Iron and Blood: a military history of the German-speaking peoples since 1500


This is a hefty (913 pages!) study, which is not restricted to ‘modern’ Germany but extends to cover the military history of Switzerland and the Holy Roman/Austrian/Austro-Hungarian empires. (The author makes the point that national identity was vague until well into the 17th century: ‘Early modern Europeans had a concept of nationality, but the criteria were not firmly fixed, and the term was applied flexibly… Contemporaries divided Germany culturally and linguistically into High [south] and Low [north], with the former identified most with providing Landsknechts [mercenaries], while the latter became increasingly known for providing cavalry from the 1540s. Within High Germany, Upper Swabia was famed as the main Landsknecht recruiting ground, distinguished politically more than linguistically from Germanophone Switzerland. In practice, Low German infantry were organised no differently, and it was only following the onset of the Eighty Years War [1568-1648] that men from the Netherlands were identified more clearly and separately as Walloons or Dutch.’)

Coverage of the region’s geopolitical/strategic history is generally very good, with the chosen time frame presenting events from a different perspective to more conventional histories focusing on the supposedly inevitable rise of Prussia. As the author points out, for much of the period until 1866, Austria was the dominant Germanic power. It survived serious threats from the Ottoman Empire in the 16th and 17th centuries and repeated French aggression until 1815.

In contrast, despite Frederick the Great’s victories, Prussia came close to destruction in the Seven Years War and was temporarily reduced to the status of a minor German state by Napoleon in the aftermath of its crushing defeat at Jena–Auerstedt in 1806. (Ironically, Austria’s 19th-century expansion into the Balkans proved to be a significant weakness, as it led to a situation in which 28% of the army were German-speaking Austrians, 44% were Slavs, and 18% Hungarians, with Romanians and Italians comprising 8% and 2% respectively. There were a host of ‘official’ army languages – German, Hungarian, Italian, Romanian, Czech, Slovak, Serbo-Croat, Slovene, Polish, and Ruthenian [Ukrainian]. The only commonality was a list of 80 German words of command and an unofficial ‘Army Slav’ dialect. Command and control were difficult enough, but most seriously, in 1914, the Slav units’ loyalty would prove to be highly suspect when facing their fellow Slavs in the Russian and Serbian armies.)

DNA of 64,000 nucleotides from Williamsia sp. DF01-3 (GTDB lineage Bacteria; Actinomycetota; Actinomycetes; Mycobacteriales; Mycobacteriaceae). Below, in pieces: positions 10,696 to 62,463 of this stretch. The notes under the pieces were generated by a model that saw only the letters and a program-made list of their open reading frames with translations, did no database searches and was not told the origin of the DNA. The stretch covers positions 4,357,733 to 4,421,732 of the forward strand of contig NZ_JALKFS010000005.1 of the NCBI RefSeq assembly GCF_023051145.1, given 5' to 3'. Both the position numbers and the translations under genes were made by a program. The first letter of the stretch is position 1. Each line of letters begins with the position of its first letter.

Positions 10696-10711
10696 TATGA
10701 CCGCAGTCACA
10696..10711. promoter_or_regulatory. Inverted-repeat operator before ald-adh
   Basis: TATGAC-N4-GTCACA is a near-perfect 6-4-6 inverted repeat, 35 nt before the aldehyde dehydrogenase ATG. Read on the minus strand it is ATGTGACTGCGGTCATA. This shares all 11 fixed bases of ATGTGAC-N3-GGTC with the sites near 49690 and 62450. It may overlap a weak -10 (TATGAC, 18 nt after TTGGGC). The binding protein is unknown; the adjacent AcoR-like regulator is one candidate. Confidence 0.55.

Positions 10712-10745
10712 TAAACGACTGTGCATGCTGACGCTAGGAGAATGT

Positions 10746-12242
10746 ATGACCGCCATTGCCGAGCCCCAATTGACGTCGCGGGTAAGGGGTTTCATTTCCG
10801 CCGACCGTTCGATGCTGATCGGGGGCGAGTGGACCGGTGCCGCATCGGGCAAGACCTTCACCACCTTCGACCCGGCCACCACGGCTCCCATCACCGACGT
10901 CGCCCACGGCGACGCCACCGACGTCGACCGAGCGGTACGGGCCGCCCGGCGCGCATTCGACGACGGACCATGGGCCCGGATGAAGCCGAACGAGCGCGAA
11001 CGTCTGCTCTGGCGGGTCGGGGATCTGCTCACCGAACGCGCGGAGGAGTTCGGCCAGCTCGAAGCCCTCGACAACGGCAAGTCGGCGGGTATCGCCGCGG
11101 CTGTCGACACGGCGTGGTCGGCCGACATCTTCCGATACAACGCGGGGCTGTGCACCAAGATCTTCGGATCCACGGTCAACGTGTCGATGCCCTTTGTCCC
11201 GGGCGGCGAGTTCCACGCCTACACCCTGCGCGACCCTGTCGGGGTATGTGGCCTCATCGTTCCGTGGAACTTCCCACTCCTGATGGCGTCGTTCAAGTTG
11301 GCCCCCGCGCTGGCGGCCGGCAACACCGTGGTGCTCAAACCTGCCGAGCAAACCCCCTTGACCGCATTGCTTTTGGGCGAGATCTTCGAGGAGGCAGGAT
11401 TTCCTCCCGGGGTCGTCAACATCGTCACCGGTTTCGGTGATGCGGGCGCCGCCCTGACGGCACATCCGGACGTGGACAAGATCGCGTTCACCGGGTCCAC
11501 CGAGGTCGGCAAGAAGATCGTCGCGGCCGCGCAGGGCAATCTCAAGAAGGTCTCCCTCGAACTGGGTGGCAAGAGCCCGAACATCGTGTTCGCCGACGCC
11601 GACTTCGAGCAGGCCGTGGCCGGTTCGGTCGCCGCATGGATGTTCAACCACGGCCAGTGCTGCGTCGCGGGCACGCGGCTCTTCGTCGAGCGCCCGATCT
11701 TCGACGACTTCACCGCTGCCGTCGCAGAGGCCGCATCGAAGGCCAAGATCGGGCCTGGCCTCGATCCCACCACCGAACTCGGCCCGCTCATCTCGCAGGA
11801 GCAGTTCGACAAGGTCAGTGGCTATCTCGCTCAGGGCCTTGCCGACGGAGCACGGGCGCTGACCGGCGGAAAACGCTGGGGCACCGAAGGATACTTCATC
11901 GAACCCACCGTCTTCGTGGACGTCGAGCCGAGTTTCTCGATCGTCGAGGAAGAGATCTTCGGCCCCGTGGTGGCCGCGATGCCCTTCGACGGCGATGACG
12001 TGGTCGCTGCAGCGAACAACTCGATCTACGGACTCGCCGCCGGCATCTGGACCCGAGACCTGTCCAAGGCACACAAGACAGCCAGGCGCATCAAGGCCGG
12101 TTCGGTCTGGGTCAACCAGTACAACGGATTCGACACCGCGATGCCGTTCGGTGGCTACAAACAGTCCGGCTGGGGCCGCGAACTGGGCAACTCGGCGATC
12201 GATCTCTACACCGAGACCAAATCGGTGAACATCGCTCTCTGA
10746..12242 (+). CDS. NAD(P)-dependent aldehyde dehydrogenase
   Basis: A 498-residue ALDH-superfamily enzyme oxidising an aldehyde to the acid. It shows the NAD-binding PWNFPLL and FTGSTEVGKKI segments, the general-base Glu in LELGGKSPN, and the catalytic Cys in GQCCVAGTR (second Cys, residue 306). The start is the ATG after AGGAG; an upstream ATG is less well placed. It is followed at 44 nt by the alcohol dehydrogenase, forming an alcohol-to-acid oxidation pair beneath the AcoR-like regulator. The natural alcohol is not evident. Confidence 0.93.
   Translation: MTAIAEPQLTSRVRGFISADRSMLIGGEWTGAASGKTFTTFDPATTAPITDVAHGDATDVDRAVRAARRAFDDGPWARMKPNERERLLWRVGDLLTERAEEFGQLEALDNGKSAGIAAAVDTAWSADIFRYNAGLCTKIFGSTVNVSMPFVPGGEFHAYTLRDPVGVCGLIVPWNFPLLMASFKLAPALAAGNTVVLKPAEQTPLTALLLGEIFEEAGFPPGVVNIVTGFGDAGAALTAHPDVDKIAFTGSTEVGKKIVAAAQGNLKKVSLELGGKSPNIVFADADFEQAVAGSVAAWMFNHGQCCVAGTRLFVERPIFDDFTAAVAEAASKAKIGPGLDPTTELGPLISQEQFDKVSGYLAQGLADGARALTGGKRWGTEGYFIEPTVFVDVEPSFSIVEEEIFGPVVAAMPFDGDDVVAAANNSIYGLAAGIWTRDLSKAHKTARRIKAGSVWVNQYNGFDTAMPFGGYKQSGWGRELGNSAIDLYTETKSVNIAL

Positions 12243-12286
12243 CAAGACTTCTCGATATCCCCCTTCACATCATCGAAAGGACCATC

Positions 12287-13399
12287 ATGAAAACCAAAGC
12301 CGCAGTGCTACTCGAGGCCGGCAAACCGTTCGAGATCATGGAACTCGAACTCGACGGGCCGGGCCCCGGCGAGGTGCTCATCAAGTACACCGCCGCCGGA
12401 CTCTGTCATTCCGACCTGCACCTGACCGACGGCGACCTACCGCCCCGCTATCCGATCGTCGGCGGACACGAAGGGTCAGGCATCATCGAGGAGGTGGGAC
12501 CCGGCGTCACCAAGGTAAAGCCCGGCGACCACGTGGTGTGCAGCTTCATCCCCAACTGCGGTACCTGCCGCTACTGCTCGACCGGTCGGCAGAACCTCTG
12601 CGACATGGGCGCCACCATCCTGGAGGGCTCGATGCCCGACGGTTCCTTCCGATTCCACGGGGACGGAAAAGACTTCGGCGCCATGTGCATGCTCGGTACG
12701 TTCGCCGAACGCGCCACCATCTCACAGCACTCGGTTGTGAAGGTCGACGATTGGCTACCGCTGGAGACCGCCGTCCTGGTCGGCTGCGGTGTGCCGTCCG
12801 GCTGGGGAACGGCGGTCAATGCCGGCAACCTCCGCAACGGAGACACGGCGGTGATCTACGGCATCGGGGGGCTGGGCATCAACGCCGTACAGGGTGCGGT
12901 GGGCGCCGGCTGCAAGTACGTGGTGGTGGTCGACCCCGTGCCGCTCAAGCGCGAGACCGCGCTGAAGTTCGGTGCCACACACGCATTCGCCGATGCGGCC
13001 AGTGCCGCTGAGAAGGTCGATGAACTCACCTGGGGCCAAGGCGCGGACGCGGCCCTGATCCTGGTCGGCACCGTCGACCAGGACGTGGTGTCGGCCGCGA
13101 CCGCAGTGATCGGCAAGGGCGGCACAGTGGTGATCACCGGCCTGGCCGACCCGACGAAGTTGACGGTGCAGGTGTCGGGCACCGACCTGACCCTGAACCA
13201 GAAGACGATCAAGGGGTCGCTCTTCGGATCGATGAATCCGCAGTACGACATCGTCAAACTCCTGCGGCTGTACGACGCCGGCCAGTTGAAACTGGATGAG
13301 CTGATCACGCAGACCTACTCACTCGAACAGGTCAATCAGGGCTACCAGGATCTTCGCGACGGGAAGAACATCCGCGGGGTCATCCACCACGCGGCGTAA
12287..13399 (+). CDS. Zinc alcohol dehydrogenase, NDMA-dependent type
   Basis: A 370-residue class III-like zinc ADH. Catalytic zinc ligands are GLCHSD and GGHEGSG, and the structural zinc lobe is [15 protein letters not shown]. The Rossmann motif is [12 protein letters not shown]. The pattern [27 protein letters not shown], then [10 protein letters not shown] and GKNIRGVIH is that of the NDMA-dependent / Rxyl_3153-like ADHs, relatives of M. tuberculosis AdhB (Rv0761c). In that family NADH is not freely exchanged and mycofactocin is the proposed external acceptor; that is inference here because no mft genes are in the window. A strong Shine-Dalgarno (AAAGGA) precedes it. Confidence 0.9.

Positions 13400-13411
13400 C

The myth of Prussian genius

The spectacular victories of 1866 and 1870 gave rise to a widely accepted myth of the Prussian ‘genius for war’. The generals of the new Second Reich became so fixated on maintaining the prestige won by these victories that they adopted a dangerous ‘tunnel-vision’ focusing on purely military planning in the belief that Germany faced encirclement by implacable enemies whilst ignoring the political and geostrategic factors that had led to this situation.

Such planning simply made matters worse, leading to the Schlieffen Plan, which in its original form casually added to Germany’s enemies by incorporating invasions of neutral Holland and Belgium. Even the modified Schlieffen Plan of 1914 retained the invasion of Belgium, which was arguably the decisive factor in transforming Britain from a potential to an outright enemy.